Living with…The Jam…for a week
That’s Entertainment is one of the least Jam-like songs they ever made, and probably one of their best known ones. Why? Maybe because it has a lovely 60’s guitar sound with even a splash of pyschedelic guitar thrown in, but for me it is the words.
They fall in to iconic but mysterious. Lyrics that make you wonder. Maybe even puzzle.
What is a ripped up phone booth? What does stale perfume smell like? What does the scream of midnight sound like?
And it made me think of other mysterious iconic favourites.
We skipped the light fandango turned cartwheels ‘cross the floor (Procul Harum, A Whiter Shade of Pale)
I am the son, and the heir, Of a shyness that is criminally vulgar, I am the son, and heir, Of nothing in particular….. (The Smiths, How Soon is Now)
Yup. Sounds great. But, what exactly do you mean Morrissey, Procul? Actually, hang on. What have you meant all these years now?
Ashes to ashes, funk to funky, We know Major Tom’s a junkie, Strung out in heavens high, Hitting an all-time low….(David Bowie, Ashes to Ashes)
Whatever happened to all the heroes? All the Shakespearoes? (The Stranglers, No More Heroes)
Again. Sounds great, but who is Major Tom? Was he a Shakespearo?
What’s that coming over the hill, Is it a monster? Is it a monster? What’s that coming over the hill, Is it a monster? Is it a monster? (The Automatic)
I think we’ll stop there…
with thanks to the (seemingly now defunct) twitter stream @iconic_lyrics for some of the ideas.
That’s a cover
That’s Entertainment is also one of the Jam’s most covered songs – everyone from Morrissey to Billy Bragg to Busted. But my video of the week is an American punk version from Face to Face. This is what Mr Weller could have done with it, if he’d really let rip…
That’s entertainment – Face to Face
Sound Affects (1980)
It’s over 30 years on from Paul Weller’s favourite Jam album, and you can see where he’s coming from. This is a wonderful hybrid of the old thrashy boys from the days of Going Underground and In the City, and as they move on to their more considered sound which eventually evolves in to The Style Council for Mr Weller itself. This is where he was going, even if the rest of the band weren’t necessarily following him.
Apart from Start! and That’s Entertainment I didn’t know the rest of this album before the week and thoroughly enjoyed it. The Jam generally have an aggressive edge to their music suited to a jacked up volume dial and foot on the pedal (if in the car) and they made for good company on this week’s journeys. The lyrics are essentially English – talk of money as ‘pretty green’; communicating for only two minutes (and that will be enough) and frozen packs in supermarkets. It’s the lyrics of normality, of insecurity but rising above it all and saying that’s entertainment. There’s surprisingly a lot of hope in it, despite much of the bleakness.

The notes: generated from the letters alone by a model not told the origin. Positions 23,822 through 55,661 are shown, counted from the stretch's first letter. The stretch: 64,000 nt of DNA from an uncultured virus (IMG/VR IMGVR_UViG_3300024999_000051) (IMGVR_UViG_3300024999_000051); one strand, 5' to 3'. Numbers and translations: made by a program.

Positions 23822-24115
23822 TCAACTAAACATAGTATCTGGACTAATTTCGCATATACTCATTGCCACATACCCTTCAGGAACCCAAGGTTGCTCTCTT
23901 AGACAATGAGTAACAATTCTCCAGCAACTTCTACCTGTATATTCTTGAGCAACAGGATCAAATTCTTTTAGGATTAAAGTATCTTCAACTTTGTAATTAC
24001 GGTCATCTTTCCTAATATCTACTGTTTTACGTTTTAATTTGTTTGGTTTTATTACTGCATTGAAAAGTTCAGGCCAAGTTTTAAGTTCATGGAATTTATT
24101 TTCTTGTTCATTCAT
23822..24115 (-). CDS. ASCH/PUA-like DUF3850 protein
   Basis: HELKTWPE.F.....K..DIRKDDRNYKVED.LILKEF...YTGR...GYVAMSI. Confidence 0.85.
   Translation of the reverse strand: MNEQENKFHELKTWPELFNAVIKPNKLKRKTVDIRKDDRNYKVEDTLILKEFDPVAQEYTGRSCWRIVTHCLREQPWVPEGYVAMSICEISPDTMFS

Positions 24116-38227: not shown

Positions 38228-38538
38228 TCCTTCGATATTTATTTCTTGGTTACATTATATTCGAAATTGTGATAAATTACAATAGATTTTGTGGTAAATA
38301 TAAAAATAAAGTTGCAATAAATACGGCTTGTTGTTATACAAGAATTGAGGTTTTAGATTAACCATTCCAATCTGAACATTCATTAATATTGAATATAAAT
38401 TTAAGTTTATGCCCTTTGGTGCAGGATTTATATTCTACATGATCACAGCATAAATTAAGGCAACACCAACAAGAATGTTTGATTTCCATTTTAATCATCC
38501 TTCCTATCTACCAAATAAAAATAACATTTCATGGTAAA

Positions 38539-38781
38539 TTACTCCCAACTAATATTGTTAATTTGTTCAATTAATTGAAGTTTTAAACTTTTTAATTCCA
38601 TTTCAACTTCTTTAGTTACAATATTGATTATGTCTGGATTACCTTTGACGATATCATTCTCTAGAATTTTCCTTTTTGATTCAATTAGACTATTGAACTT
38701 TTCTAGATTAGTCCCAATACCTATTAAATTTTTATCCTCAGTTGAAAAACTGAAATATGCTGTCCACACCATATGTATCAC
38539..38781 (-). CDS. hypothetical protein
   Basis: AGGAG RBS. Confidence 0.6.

The standouts for me apart from the obvious two are the openers Pretty Green and Monday and the moving Man in a Corner Shop. This is The Jam’s Eleanor Rigby – doesn’t sound anything like, but it’s essentially the same story of loneliness in a modern world.
Rather puzzlingly for me, Paul Weller claimed at the time that this is a crossover of Michael Jackson’s Off the Wall and The Beatles’ Revolver. It’s the Jacko connection that puzzles me, maybe I need to revisit it one day as I can’t see the connection beyond the fact that there’s drums and a bass in there somewhere. Now Revolver I get, the opening classic Pretty Green has Taxman written all over it and there are psychedelic overtones throughout from the reverse guitar on That’s Entertainment to the raw and twisted on Set the House Ablaze.
And the Beatles connection is handy because that leads in to next week’s album.
Damn it. Given it away.
Twotes of the week
@TonyCowards: I’ve worked out that my new shadow puppet theatre could make millions, but that’s just projected figures.
@BertrumThumbcat: The only sensible thing to do with Monday Mornings is to sleep through them. When I am in charge, they will be entirely optional.